Rated 5 out of 5 by from This guy is a real find! I am not an engineer. But I am a scientist and I appreciate well-engineered instruments. The basic facts of engineering covered in this course are timeless, and the ability of early architects and engineers to develop them to such a high technical level is stunning. I found that I couldn't stop watching each of these lectures, even though in other hands the subject matter would have been sleep-inducing. This is the mark of a truly gifted instructor! The timing, the level, and the choice of examples all showed a high level of ability and lots of experience. The demonstrations were masterful. Congratulstions on a particularly great course.
Date published: 2022-12-27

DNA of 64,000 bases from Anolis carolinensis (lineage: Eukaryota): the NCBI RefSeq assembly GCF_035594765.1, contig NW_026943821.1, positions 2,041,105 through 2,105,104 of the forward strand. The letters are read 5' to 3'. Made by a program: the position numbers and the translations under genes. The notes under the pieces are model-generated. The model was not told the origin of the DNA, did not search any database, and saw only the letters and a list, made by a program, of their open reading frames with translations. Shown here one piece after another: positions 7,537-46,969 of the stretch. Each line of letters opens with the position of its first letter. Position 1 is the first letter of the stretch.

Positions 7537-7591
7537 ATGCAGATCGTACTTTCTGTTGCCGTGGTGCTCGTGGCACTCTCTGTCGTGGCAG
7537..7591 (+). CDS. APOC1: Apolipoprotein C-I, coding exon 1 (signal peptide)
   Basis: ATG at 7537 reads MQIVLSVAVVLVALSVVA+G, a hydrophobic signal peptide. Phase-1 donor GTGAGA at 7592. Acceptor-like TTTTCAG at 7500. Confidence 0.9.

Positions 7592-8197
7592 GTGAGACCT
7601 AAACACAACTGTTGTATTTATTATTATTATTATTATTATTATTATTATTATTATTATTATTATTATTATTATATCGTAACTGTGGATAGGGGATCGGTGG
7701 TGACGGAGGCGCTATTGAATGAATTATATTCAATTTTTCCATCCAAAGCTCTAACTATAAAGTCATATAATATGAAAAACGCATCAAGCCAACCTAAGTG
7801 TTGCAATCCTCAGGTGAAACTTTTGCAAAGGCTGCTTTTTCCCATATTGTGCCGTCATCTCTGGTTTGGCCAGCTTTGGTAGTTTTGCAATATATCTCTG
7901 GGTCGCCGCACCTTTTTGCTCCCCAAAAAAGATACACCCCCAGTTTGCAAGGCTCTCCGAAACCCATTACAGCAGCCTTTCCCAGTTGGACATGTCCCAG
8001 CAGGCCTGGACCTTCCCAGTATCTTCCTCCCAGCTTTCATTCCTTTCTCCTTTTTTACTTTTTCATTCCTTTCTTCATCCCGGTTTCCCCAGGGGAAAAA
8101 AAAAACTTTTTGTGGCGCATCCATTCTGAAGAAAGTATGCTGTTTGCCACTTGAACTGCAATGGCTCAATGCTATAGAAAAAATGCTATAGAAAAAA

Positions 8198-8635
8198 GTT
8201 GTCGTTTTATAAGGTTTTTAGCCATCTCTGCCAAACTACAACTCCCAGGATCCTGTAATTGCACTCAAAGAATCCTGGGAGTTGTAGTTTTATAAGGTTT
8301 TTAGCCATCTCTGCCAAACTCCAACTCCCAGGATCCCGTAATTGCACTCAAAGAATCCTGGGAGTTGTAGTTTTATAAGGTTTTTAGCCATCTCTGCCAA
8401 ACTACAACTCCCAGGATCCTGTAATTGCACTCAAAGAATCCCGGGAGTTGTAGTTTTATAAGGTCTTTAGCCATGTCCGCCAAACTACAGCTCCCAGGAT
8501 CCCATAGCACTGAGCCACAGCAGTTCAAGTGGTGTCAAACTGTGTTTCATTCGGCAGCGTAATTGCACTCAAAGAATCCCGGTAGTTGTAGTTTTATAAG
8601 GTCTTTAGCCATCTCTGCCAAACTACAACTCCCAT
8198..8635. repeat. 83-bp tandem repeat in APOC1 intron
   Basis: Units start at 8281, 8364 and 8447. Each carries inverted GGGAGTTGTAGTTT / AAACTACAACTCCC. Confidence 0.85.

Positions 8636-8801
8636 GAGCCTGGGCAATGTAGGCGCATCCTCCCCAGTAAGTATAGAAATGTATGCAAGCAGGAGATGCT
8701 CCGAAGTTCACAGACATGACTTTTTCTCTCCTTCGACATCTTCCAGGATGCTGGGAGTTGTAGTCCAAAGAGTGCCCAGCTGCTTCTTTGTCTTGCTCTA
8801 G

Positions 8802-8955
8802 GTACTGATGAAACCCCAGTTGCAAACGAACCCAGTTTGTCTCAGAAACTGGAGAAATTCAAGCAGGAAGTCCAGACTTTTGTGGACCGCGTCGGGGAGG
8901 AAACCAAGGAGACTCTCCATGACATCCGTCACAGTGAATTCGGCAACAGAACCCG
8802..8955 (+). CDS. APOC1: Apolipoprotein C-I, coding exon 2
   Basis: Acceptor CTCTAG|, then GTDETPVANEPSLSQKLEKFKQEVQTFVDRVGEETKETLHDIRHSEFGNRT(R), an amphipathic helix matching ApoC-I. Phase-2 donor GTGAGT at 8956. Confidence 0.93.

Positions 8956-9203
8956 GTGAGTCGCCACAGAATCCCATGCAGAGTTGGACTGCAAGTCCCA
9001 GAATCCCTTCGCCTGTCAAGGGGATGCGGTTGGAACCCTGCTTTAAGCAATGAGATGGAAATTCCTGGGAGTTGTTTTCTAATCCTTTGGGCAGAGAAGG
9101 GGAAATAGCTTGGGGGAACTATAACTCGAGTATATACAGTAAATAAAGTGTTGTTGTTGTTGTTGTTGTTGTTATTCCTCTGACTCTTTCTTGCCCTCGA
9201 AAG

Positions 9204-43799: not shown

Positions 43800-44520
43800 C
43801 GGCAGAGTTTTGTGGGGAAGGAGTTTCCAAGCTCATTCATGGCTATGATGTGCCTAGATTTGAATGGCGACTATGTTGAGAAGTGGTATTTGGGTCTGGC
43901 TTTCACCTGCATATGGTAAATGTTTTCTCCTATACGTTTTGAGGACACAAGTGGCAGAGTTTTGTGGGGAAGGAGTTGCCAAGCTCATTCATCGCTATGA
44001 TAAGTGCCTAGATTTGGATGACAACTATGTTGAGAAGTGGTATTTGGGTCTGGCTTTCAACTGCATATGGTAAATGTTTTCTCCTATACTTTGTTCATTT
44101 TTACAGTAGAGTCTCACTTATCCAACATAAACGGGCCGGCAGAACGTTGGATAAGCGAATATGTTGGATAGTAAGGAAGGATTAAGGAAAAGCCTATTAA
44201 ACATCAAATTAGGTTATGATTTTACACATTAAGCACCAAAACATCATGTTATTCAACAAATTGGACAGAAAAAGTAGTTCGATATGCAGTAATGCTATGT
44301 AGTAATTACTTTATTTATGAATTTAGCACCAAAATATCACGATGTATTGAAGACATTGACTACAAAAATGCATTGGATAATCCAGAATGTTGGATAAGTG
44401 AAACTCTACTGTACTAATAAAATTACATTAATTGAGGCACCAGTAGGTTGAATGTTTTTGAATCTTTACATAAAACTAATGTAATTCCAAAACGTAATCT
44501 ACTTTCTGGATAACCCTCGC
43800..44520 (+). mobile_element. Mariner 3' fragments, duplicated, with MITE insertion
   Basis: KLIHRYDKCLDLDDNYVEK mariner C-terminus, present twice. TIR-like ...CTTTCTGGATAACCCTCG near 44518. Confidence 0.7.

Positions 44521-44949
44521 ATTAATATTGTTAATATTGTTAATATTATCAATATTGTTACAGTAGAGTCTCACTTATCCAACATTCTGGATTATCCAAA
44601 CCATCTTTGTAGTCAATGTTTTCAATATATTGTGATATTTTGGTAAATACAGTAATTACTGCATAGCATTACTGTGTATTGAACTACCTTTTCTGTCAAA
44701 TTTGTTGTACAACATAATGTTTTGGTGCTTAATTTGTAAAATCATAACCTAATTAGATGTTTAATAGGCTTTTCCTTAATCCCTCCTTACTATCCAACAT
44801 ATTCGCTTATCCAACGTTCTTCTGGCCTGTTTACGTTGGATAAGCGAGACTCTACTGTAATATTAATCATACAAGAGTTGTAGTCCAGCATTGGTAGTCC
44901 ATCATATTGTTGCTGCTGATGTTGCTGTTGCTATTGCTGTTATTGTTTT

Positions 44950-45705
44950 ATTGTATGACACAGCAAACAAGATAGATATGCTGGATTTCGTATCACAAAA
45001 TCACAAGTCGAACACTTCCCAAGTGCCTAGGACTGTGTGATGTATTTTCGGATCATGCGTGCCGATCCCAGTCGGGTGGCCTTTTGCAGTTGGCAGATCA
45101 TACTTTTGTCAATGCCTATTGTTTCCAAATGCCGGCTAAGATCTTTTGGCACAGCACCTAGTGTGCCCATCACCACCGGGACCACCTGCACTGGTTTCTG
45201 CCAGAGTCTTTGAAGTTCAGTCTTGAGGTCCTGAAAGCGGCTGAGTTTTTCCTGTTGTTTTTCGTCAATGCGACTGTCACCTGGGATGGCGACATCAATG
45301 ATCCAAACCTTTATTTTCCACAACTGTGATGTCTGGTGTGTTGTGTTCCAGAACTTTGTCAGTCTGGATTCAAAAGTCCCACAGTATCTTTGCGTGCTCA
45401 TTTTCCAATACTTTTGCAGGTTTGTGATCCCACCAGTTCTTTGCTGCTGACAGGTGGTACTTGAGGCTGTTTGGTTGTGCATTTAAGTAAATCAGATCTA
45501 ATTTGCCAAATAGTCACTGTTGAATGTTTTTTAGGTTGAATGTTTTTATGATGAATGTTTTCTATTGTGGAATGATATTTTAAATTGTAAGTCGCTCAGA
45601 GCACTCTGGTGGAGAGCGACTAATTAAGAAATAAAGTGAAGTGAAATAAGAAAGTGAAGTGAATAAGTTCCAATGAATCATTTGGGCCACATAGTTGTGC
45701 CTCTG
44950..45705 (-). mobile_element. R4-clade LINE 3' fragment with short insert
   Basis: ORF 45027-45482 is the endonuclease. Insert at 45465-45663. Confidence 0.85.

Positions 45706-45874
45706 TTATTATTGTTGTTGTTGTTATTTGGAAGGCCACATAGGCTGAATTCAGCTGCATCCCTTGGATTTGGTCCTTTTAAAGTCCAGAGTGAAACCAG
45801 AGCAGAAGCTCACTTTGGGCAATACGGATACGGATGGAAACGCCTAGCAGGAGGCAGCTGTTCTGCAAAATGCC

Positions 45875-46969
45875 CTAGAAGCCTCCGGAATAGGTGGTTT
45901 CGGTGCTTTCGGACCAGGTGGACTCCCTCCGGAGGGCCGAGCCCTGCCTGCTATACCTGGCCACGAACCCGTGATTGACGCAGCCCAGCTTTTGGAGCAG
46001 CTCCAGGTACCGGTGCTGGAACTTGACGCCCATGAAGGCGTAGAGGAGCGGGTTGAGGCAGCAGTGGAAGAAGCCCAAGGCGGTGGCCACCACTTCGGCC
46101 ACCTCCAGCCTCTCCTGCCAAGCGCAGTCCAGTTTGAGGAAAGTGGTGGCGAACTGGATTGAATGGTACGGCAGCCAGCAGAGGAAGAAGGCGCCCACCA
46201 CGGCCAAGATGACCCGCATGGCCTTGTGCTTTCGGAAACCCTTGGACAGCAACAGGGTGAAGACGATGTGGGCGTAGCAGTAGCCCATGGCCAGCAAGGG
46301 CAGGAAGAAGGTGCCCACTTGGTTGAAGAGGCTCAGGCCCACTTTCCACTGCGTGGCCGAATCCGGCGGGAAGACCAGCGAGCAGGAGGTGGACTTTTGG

Rated 5 out of 5 by from I should have gone to West Point! Dang, if I'd known I could become an engineer studying with Dr. Disaster (see his other class), I would have decided to try for a military career! This class is super! The models, the building of concepts step by step, everything is pitch perfect. SO many times we discover that our ancestors 3,000 y.a. had amazing engineering skills. PLEASE, everyone: the Romans called everyone else 'barbarians.' However, we in the 21st century should not use their contemptuous vocab! We switched Eskimo to Inuit and Indians to indigenous North Americans, etc. etc. The indigenous people of Europe deserve basic respect. They did not build vaulted basilica and complex aqueducts - but that's like saying every culture that does not create iPhones are 'savages' - the 17th-20th century contempt for every non-European, non-American culture. It's the same thing. Indigenous Europeans built admirable, socially-complex cultures and they deserve to be called 'indigenous Europeans' or 'native societies of the non-Roman world' - so many potential options. The Romans buried two Celtic prisoners alive, as a sacrifice to their gods, to save them from Hannibal, so ..... just because you can build an aqueduct (you can engineer in stone) does not make you morally superior. One thing I wish Wondrium would insist on: it's not AD, it's CE; BCE, not BC. Continuing with Before Christ, etc. for our international dating system - in the 21st Century? Come on! Most scholars are following the 'new' guidance (from 50 years ago, plenty of time to transition) but we all should.